This post was brought to you by:
Curiosity with St. Germain! Gin and Tonics!
Disclaimer: Maybe you want to limit yourself to one of those. We’re dealing with potential botulism here. PS: These were delicious.
Crafstine and I, in a fit of frustration the other day, made Strawberry Jam! It’s BERRY DELICIOUS. Now is prime time to get your strawberries. I read online that because of the freaky weather, strawberries may have a short season. Don’t delay! These guys are amazing!
This recipe is from the book Well-Preserved, and it is dynamite! I’m looking forward to canning other recipes from this book. I took it out of my library and you should too!
8 cups of sliced strawberries
6 cups of sugar
1/3 cup of lemon juice.
5-6 8 ounce preserving jars (with lids and rings! and if you are not good with measurements/eye-balling amounts, ALWAYS prepare more jars.)
First off, place your empty jars into a big pot filled with water- submerge those jars and put them on the stove to boil. That sanitizes the jars and enables us to fill them with molten hot lava-like jams and they won’t crack. Your lids and rings should also be sanitized, but I like to do that right before we fill the jars because of the questionable amount of jam you may have. If you have less than you sanitize, it’s not really good for the lids to be subjected to hot temperatures (in the sterilization process) because it activates the seal and may create a faulty seal the next time you use that lid.
In a heavy pot, put the sliced strawberries in and heat on medium heat. Crush the strawberries with a potato masher, to the consistency that you prefer.
Add the sugar and lemon juice and bring to a boil. Now, you may be thinking, HOLY SUGAR. THAT AMOUNT OF SUGAR WILL CREATE DIABETES. I agree, it’s a lot of sugar, however, sugar helps it set and increases volume. It also is a PH issue where you want to create an acidic environment, but not too acidic because that’s yucky, and the higher the acidity the less likely you will have bad bacteria in your jams growing and creating botulism. Usually I follow this to a T in recipes because I don’t want to get botulism. Crafstine is planning on experimenting this summer using low-sugar/no sugar needed pectin, but that kind of scares me. She’s bold.
We also added vanilla extract because vanilla and strawberry is AMAZING. It was nice little glug, probably three teaspoons?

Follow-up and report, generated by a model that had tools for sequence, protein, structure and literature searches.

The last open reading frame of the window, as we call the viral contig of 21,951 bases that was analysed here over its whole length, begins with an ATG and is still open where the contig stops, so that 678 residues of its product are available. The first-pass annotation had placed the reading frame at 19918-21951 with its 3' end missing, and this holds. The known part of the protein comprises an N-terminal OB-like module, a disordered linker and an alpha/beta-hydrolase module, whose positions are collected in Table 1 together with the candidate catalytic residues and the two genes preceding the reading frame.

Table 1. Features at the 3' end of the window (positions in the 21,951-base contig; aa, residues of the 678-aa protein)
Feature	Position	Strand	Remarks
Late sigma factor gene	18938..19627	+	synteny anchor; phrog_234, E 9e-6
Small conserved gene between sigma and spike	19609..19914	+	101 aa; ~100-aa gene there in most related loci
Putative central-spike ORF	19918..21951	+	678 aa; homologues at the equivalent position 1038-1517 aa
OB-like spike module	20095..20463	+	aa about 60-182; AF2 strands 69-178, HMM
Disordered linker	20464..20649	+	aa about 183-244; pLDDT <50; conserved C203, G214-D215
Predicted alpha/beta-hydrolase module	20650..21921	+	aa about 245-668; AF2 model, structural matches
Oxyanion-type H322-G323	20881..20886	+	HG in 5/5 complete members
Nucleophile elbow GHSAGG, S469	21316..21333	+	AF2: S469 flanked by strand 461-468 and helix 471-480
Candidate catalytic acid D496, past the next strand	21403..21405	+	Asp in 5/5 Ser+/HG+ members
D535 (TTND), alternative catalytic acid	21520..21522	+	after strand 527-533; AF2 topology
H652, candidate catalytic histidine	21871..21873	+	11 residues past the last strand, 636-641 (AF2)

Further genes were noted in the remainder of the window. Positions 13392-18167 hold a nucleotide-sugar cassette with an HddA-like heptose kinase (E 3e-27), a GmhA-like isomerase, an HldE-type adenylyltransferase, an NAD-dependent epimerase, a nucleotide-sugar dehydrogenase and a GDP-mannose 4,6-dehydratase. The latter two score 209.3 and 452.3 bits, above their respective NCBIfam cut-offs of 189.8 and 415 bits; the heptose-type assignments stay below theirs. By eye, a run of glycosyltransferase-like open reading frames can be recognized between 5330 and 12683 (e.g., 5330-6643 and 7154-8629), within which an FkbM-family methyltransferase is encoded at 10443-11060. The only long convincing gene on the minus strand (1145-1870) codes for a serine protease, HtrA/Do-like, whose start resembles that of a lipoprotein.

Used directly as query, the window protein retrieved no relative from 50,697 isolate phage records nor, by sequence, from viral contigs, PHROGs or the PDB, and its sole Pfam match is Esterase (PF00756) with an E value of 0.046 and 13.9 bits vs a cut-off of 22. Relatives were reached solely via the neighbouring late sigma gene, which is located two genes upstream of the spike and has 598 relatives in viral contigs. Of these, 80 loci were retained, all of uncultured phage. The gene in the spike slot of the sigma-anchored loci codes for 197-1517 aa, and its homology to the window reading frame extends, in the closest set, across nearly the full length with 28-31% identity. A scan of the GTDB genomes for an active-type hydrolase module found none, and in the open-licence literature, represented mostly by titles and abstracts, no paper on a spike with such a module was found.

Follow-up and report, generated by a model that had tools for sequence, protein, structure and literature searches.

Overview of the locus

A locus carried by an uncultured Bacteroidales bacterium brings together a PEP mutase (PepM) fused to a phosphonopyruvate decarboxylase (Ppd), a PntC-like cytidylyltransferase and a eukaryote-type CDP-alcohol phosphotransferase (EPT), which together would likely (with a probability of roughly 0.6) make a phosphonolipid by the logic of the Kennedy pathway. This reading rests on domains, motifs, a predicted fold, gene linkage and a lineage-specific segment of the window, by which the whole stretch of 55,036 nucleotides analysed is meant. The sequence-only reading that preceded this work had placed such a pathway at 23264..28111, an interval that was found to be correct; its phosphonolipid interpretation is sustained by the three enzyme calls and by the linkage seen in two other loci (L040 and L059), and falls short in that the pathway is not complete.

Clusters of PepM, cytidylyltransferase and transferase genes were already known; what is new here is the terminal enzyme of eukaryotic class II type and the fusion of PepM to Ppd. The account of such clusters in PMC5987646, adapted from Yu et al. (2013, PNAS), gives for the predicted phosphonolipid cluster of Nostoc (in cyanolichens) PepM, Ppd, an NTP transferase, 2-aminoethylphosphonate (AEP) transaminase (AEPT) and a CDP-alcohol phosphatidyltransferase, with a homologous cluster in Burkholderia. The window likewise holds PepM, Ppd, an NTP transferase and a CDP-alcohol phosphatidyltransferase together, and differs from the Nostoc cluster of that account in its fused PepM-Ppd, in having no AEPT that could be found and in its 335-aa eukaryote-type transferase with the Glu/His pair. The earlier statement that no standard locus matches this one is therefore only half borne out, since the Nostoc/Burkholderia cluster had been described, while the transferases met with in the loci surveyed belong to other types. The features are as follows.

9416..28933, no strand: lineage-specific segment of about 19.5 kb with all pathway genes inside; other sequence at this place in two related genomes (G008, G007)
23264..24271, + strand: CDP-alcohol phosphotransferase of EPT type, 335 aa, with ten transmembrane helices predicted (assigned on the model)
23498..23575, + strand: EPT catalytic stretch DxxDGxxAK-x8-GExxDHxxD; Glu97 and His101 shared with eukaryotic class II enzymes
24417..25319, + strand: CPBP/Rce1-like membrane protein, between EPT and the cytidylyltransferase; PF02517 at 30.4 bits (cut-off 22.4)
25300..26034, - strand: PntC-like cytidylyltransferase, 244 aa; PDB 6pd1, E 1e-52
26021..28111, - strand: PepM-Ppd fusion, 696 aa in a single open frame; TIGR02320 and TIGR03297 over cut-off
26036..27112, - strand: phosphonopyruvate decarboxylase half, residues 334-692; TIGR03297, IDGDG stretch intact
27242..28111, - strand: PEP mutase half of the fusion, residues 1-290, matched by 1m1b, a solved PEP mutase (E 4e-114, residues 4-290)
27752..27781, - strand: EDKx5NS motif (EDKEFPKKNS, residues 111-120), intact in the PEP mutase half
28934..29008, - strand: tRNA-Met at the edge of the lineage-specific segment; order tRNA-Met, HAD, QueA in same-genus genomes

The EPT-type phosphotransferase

Bring that to a boil. Once it’s boiling, reduce heat and let it simmer for 15-20 minutes. It should thicken and be delicious looking.
Once it has thickened, you turn off the heat, stir for two-three minutes, remove the creepy foam and then you’re ready to can!
Remove your hot jars from the pot (keep the pot boiling) and place on a towel. It’s important for these jars not to hit anything or be subjected to varying temperatures because they’ll crack. You should have specific tools for this job too; jar lifter, magnetic stick to get lids and rings out, and a funnel. I’ve canned without these items, using tongs and ladles, but it’s a real pain in the neck.
This recipe calls for leaving 1/4 inch headspace. Fill your jars and leave 1/4 inch headspace. Remove air bubbles using a wooden spoon handle or chopstick.
Once you have all your jars filled, then you can sanitize your lids and rings. I typically take a small saucepan and just take water out of the boiling pot of water and throw the amount of lids in. That way, the water is already boiling! Once they’ve been sanitized (10 minutes), you can remove them with your magnetic stick and then put that water back in the pot.
You put the lids on and then put the rings on just until they are fingertip tight. Do not TIGHTEN them, just turn them until they stop turning. Then, using your jar lifter, place the jars back into the pot of boiling water and boil them for 10 minutes. Remove from the pot and put back on the towel. Soon, you’ll hear the PING of the jars, letting you know that they’ve set!
Once they’ve been sealed, it’s advised that you leave them in the same spot to cool for 24 hours. They’ve been through a lot, and you don’t want to shake ’em up too much. After that, it is suggested that you keep them on the shelf without the bands on. Label them with what it is, and when it was made. As a rule of thumb, you should eat these preserves within a year. I know I go through a lot of homemade fruity jam in the wintertime on sandwiches, crépes, pancakes, toast, in breads, in frostings, in…..well, you get the idea. These last a long time, you know what’s inside of them, and you can adjust to your own taste!
Good luck! If you’re seriously interested in canning, it’s important to know all of the proper sanitation and PH rules because you seriously do not want botulism. Seriously. There are many different resources out there in book or internet form for you to find and learn more!